What is the thing that most people would be surprised to know about the BPL?

I think it’s the sheer breadth you referenced. We have some of the same responsibilities as a classical museum, but our curators always collected these objects so that they could be used, so that they could play an educational role, and be there for research, not simply on display or put in storage. As a public library, we have a maybe slightly different responsibility than our other colleagues in the field. I think it’s also true that whether you walk into one of our 25 neighborhood branches or the Central Library or visit our collections online, you can have an amazing experience. We’re trying to focus on meeting the needs of today’s population, whether they’re a social worker, a media literacy specialist, a nutrition literacy specialist…really new ways of thinking about the needs of the population.

Have you visited all 25 of the neighborhood branches?

Oh, God, yeah. And I do that at least a couple of times a year.

How do you serve as president of such an institution and get your PhD in library and information science at the same time?

It’s difficult to juggle, but what’s kept me going is that the subject areas I’ve picked in my program are germane to what my daily job is. It would be impossible to do something entirely separate, so my research topic relates to the area of civic engagement with public libraries.

What do your fellow students at Simmons think of you?

[Laughs.] Certainly, when I was doing classwork during the early couple of years, I raised some eyebrows. But I like to think of myself as fairly approachable, so we’ve had some fun with it.

Are you an avid reader?

When I have the time; that’s something that certainly suffered from my graduate program.

Any guilty literary pleasures?

Oh, I love science fiction. I’m just as happy to pick up something from the Star Wars or Star Trek era and escape from reality completely. Science fiction is where I go for an escapist read.

Most overdue book in the BPL’s history? Anything that just went missing?

[Laughs.] Occasionally, we’ll get calls from people who have discovered something as they were moving houses or cleaning out a family member’s home, and it has BPL stamped on it from decades ago. But, you know, we did away with fines over a year ago, so people can either bring back the original or bring back a substitute. We’re just happy they’re reading.

As a reporter in the pre-Internet days, I used to use the library’s information hotline a lot. What’s the most used resource today?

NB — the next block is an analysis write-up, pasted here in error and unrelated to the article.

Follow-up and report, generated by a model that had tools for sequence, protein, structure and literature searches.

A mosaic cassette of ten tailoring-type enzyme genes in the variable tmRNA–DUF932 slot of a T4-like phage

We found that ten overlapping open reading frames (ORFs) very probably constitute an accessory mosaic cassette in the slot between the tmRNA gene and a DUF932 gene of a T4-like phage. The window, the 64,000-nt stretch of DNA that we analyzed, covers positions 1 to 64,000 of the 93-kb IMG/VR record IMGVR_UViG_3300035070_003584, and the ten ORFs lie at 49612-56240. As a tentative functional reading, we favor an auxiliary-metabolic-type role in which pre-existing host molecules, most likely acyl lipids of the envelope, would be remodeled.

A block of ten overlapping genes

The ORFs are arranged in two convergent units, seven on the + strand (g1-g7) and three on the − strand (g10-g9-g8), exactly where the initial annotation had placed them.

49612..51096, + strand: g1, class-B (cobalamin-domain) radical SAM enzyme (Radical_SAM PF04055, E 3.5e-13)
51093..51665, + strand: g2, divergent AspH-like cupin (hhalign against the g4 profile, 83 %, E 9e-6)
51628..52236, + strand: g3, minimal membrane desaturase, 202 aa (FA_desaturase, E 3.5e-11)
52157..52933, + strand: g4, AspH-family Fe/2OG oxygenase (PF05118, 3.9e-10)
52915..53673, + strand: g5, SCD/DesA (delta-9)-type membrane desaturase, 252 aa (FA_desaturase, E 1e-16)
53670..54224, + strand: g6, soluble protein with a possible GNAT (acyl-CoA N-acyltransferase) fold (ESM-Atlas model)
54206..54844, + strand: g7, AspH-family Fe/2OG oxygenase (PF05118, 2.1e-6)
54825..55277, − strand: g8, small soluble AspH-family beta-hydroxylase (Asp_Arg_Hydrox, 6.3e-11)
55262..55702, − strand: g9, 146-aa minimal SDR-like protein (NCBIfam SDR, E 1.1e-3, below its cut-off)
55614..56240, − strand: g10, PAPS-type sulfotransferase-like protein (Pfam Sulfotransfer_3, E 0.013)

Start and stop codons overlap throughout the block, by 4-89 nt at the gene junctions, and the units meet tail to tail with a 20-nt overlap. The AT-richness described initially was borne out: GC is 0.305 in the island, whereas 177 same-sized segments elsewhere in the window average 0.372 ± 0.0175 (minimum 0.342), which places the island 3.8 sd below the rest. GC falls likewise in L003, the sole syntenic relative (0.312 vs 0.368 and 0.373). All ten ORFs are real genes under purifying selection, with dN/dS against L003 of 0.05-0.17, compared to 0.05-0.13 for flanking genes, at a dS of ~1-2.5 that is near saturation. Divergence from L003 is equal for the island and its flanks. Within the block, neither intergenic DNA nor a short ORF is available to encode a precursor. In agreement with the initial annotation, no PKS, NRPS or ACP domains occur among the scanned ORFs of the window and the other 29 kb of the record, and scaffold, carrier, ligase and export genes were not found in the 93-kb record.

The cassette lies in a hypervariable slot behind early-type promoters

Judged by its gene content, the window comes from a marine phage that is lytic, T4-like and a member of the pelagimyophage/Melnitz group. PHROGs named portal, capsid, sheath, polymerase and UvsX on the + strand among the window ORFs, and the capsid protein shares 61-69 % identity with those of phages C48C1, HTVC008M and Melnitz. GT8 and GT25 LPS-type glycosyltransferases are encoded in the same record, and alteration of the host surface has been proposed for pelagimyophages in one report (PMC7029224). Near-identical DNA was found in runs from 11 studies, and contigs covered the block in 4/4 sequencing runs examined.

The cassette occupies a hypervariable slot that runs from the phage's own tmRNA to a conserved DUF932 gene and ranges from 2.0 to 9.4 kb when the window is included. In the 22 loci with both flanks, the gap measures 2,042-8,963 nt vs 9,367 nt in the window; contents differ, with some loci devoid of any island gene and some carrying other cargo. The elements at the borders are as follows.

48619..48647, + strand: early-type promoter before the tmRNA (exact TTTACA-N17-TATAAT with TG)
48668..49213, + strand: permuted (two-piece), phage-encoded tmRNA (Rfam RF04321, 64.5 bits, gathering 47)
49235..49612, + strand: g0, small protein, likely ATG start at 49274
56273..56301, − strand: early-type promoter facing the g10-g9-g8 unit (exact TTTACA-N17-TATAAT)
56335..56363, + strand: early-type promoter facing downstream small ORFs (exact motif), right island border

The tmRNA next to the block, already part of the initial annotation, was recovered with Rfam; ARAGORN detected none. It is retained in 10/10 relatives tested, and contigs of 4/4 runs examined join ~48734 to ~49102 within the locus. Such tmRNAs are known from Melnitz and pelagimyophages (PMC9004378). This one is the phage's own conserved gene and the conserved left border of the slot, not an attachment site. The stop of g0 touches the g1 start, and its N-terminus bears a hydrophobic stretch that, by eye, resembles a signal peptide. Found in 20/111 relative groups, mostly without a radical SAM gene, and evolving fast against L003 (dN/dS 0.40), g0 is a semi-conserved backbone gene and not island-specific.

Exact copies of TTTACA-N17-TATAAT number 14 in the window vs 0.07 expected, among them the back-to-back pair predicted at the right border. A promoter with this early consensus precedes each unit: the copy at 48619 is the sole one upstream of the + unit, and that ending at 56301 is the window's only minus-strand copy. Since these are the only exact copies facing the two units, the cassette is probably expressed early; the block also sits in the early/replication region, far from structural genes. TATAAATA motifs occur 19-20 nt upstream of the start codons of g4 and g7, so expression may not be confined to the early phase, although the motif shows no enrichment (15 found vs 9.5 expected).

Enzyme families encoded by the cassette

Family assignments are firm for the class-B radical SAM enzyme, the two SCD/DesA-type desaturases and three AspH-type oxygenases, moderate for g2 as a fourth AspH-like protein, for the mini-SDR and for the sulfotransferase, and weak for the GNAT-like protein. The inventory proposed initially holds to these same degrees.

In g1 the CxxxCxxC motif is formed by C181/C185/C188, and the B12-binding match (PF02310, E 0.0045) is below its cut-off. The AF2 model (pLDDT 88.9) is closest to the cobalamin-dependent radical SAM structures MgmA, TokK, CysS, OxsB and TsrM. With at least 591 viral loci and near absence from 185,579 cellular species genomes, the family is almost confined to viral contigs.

That differs from time to time. We were particularly happy to see our collection on anti-racist writings very, very heavily borrowed in the wake of George Floyd’s murder. So we actually received a grant from the foundation to buy more copies, particularly of the electronic books in that area. It also, by the way, ties into the special collection of rare books because we have quite a set of abolitionist materials, including the complete run of William Lloyd Garrison’s The Liberator. It’s also all online, but there’s sometimes nothing like being able to see or possibly touch the physical original.

Character trait that most suits you to being a librarian?

Well, until I finish my degree, I’m not technically an “official” librarian. But for my role here? I think it’s the ability to pivot from one thing to the next. This is as much an operational and strategy job as it is a people and fundraising job. So the ability to switch contexts is essential.

What’s your favorite library outside of Boston?

The Long Room at Trinity College in Dublin has a special place. There’s also Chester Beatty and Marsh’s Library, two other great Dublin libraries. But I also think of the U.S. libraries I’ve had the opportunity to visit. Seattle was really the first of the modern central libraries to go through a major reimagination and reinvention, followed by several others. One I’m most interested in visiting when I can is in Austin, Texas, which is getting great kudos from the profession.

Looking through a 10th-century collection of homilies with Harvard professor Jeffrey Hamburger and Vivian Spiro, chair emeritus of the Associates of the Boston Public Library. / Photo by John Tlumacki/The Boston Globe/Getty Images